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William Fisher: And the Oscar Goes To ...

And the Oscar Goes To ...

By William Fisher
t r u t h o u t | Perspective

Tuesday 13 June 2006

You can only be bemused by the title of the lady at the US State Department who called the suicides of three prisoners a "good PR move to draw attention."

Her name is Colleen Graffy, and her title is Deputy Assistant Secretary of State for Public Diplomacy. That's Public Diplomacy.

Her official State Department bio says Ms. Graffy "coordinates efforts with Under Secretary for Public Diplomacy and Public Affairs Karen Hughes."

One has to wonder if she coordinated her suicide remarks with Ms. Hughes, the longtime Bush spinmeister whose job it is to "win hearts and minds" for America throughout the world, and especially in the Muslim world.

My brain tells me she didn't consult Ms. Hughes, but my gut tells me it's not beyond the realm of possibility. That's because since President Bush asked Ms. Hughes to take on this impossible job, she has also suffered from foot-in-mouth disease.

Like telling upper-class Saudi women that they ought to be able to drive cars, only to hear that, thank you very much, they'd much rather use their drivers.

But the Graffy gaffe takes the foot-in-mouth malady to a whole new level. In fact, if there were an Oscar for the dumbest remark made since 9/11, this lady's words would rank right up there with "bring it on" and "Mission Accomplished."

And even if she doesn't go home with the award, I predict her words will become as iconic as Rummy's comments that "stuff happens," "you go to war with the army you have," and all the people at GITMO are "the worst of the worst."

But wait - there's more. Apparently not content with one foot in her mouth, Ms. Graffy stuck the other one in as well. She told the BBC the suicides were part of a strategy and "a tactic to further the jihadi cause," but taking their own lives was unnecessary. The three men did not value their lives or the lives of those around them, she said.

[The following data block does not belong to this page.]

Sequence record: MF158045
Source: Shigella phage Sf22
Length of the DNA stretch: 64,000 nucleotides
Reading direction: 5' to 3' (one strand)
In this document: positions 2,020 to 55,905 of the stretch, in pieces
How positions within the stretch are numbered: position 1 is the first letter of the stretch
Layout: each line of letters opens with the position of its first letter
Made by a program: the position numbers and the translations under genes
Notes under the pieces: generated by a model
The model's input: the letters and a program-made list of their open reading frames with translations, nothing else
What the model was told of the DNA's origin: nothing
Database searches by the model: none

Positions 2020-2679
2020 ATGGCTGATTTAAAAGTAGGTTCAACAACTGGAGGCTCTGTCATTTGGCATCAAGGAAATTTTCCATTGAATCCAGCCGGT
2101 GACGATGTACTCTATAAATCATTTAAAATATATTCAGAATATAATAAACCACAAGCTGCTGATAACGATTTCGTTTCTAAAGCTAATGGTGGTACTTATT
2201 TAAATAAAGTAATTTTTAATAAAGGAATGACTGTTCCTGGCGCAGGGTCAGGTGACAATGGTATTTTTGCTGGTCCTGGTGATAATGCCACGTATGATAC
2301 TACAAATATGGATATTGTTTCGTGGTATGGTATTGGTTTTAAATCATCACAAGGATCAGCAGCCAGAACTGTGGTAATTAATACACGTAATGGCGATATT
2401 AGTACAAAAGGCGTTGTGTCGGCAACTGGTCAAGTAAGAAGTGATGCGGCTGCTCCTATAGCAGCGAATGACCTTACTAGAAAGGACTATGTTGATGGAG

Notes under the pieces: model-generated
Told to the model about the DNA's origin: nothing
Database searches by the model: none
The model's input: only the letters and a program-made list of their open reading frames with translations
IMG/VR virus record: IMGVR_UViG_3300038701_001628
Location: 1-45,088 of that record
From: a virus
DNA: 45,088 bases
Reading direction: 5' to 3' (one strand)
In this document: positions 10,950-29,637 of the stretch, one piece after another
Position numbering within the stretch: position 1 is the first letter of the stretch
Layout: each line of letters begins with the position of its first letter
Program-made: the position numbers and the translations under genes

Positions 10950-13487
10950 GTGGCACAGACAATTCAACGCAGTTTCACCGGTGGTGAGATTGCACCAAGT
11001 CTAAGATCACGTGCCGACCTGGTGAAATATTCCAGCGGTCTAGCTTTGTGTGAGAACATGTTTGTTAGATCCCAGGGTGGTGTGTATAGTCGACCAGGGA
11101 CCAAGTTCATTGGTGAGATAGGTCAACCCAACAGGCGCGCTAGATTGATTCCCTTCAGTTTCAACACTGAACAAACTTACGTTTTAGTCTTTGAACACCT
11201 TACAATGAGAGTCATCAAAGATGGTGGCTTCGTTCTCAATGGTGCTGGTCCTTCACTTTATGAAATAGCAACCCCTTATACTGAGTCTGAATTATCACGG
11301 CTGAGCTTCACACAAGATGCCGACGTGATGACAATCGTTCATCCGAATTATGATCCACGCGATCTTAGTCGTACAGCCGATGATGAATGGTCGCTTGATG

Then she went on to explain that the three detainees had access to lawyers, received mail and had the ability to write to families, and so had other means of making protests. She said it was hard to see why the men had not protested about their situation.

Evidently she hadn't heard about the hunger strikes and the many previous suicide attempts.

We don't know a lot about these three men. They may indeed have been among the "worst of the worst.Ó One, we have since learned, was scheduled to be released but hadn't yet been told. And none of them were among the ten - out of close to 500 prisoners - who have ever been charged with a crime or had a trial.

Along with 460 others, they were in a legal black hole, charged with nothing but facing indefinite imprisonment. So exactly who would they protest to?

But wait - we're in luck! Guantanamo's commander, Rear Admiral Harry B. Harris Jr., mercifully brings a bit of clarity to the confusion. He explains that the suicides were "not an act of desperation, but an act of asymmetrical warfare waged against us."

Asymmetrical warfare. Got it now?


William Fisher has managed economic development programs in the Middle East and in many other parts of the world for the US State Department and USAID for the past thirty years. He began his work life as a journalist for newspapers and for the Associated Press in Florida. Go to The World According to Bill Fisher for more.

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